Using a referral to get healthcare abroad

You can access healthcare abroad using the Cross Border Directive (CBD) in much the same way that you would access public healthcare in Ireland.

You may need to pay up front for any healthcare you get abroad. You can then apply for repayment towards the cost of your healthcare.

How you usually get public healthcare in Ireland

The typical steps you would take when getting healthcare or treatment in a public hospital in Ireland are:

  1. Visit your GP to discuss your condition.
  2. Your GP refers you to a hospital consultant.
  3. You are put on a hospital waiting list to see the consultant.
  4. You get called for a consultation with the consultant - this is called an outpatient appointment.
  5. The consultant will decide to either:
         put you on a waiting list for treatment.
         discharge you back to your GP - this means they don’t believe you need further hospital treatment.
  6. If you are on a waiting list for treatment, you will be called for hospital treatment - this is called inpatient treatment.
  7. You will then have a follow up appointment with the consultant.
  8. You will then be discharged back to your GP.

Using the CBD to get healthcare abroad

At any stage in the steps outlined above, you can decide to leave the Irish system and get healthcare abroad under the CBD.

For example:

When your GP refers you as a public patient to a public hospital in Ireland, you can use that referral to have the same healthcare abroad instead. You just need to contact the hospital abroad you want to go to and arrange an outpatient appointment.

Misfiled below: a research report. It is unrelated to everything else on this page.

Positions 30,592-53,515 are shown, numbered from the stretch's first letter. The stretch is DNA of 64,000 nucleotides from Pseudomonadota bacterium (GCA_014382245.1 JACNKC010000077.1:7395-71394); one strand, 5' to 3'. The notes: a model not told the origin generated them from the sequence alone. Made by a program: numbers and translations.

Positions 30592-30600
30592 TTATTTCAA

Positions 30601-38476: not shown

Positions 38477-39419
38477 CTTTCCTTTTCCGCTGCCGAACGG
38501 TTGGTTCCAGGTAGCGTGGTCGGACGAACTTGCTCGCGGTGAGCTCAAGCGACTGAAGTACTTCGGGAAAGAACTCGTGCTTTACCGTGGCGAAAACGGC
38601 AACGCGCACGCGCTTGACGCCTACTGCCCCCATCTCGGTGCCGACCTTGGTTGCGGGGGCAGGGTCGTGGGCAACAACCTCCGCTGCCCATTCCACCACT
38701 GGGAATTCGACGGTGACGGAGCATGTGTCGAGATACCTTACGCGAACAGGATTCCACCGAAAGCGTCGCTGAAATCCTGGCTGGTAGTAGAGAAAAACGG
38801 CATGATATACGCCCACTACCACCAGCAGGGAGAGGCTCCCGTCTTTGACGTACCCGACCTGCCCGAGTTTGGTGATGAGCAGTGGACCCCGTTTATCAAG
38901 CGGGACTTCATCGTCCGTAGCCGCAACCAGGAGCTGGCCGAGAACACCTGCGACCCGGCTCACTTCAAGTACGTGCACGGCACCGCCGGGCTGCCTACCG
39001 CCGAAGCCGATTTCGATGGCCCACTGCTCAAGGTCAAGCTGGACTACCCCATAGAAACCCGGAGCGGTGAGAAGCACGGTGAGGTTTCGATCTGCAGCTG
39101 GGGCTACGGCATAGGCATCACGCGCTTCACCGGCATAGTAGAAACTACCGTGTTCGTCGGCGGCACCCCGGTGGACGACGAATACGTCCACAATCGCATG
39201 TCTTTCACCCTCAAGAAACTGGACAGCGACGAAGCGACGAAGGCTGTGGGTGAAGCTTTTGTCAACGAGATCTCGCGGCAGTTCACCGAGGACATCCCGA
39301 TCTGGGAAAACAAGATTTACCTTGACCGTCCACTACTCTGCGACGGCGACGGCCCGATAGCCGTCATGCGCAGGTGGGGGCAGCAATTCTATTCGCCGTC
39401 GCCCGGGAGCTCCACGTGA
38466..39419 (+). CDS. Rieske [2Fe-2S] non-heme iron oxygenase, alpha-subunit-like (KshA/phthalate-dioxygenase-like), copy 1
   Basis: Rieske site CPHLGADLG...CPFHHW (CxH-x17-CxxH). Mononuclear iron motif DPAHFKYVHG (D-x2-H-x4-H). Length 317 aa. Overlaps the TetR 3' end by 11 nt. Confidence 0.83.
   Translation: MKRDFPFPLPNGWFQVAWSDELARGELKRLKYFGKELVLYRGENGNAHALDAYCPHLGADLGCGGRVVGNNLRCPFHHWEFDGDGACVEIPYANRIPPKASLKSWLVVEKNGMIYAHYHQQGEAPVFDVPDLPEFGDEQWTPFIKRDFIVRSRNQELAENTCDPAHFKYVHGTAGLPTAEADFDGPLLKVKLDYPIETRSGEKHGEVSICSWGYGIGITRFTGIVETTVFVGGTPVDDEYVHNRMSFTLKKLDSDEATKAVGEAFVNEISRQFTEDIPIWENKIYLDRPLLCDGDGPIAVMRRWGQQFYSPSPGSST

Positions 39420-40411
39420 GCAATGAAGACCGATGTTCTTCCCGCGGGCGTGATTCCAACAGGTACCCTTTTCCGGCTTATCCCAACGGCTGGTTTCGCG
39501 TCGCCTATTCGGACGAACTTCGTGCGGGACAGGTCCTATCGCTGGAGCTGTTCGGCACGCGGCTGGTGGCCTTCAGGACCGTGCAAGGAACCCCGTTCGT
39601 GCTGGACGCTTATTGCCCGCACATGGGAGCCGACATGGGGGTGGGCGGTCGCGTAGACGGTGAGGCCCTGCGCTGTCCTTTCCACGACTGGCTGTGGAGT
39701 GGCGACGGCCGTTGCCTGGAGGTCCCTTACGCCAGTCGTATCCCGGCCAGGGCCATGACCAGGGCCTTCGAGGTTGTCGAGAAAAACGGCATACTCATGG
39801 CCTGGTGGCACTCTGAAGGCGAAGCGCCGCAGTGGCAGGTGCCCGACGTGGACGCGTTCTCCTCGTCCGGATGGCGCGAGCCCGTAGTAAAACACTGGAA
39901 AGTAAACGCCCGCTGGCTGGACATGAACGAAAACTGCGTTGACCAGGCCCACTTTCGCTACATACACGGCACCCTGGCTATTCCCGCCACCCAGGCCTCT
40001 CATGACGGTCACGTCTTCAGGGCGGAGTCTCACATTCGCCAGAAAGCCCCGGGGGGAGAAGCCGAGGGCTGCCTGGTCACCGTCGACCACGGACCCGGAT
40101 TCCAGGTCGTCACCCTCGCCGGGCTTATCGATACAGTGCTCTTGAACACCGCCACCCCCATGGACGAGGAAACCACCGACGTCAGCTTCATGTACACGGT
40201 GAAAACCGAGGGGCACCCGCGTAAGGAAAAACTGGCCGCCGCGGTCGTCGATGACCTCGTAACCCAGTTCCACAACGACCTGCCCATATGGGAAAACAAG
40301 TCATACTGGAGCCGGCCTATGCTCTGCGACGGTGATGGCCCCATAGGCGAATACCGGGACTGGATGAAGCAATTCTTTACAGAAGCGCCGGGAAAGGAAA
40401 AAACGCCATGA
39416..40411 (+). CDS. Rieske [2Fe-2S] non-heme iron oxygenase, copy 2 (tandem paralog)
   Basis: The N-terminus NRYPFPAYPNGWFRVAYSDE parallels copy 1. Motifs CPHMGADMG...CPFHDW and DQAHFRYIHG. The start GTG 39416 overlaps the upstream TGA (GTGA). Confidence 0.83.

If you are on a waiting list in Ireland, you can use your referral or waiting list letter to get healthcare abroad. 

Referral from a doctor in Ireland

You must have a referral from a GP or public hospital consultant to access most types of healthcare abroad under the CBD. Your doctor will discuss your options with you.

They will need to refer you to a specific healthcare provider abroad. But they may also refuse to do so. Your GP or consultant may refuse to refer you directly abroad if they’re:

  • unfamiliar with the service abroad
  • concerned about the quality of the service abroad
  • concerned that the service will fully meet your medical needs

But if they refer you to a public hospital in Ireland, you can use that referral to access the same healthcare abroad.

Referral letter

Your referral letter must include:

  • the name and address of a hospital consultant - you don't have to use the consultant and hospital named in the referral letter
  • your name, address and date of birth
  • your current health and any other relevant information
  • the healthcare you need
  • the GP or consultant's signature - it can't be signed by their nurse or secretary
  • the date of the referral letter

Your referring doctor in Ireland can advise you if your healthcare can be accessed under the CBD.

But if you are in doubt contact the Cross Border Directive office in Ireland. The office is known as the National Contact Point.

Referral from a doctor abroad

A GP can refer you for healthcare under the CBD.

If you plan to use a referral from a doctor abroad, contact the National Contact Point.

Referral for community-based services

Your GP or consultant can refer you for community-based services.

You can also be referred for some community-based services by: 

  • Public health nurses,
  • community dentists,
  • HSE orthodontists
  • other HSE health specialists

Read more about examples of healthcare available under CBD

Referral for addiction care

There is a specific process you need to follow if you are accessing addiction care abroad.

Read information on how to access addiction care abroad (PDF, 14 pages, 395KB)


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Page last reviewed: 8 November 2018
Next review due: 8 November 2021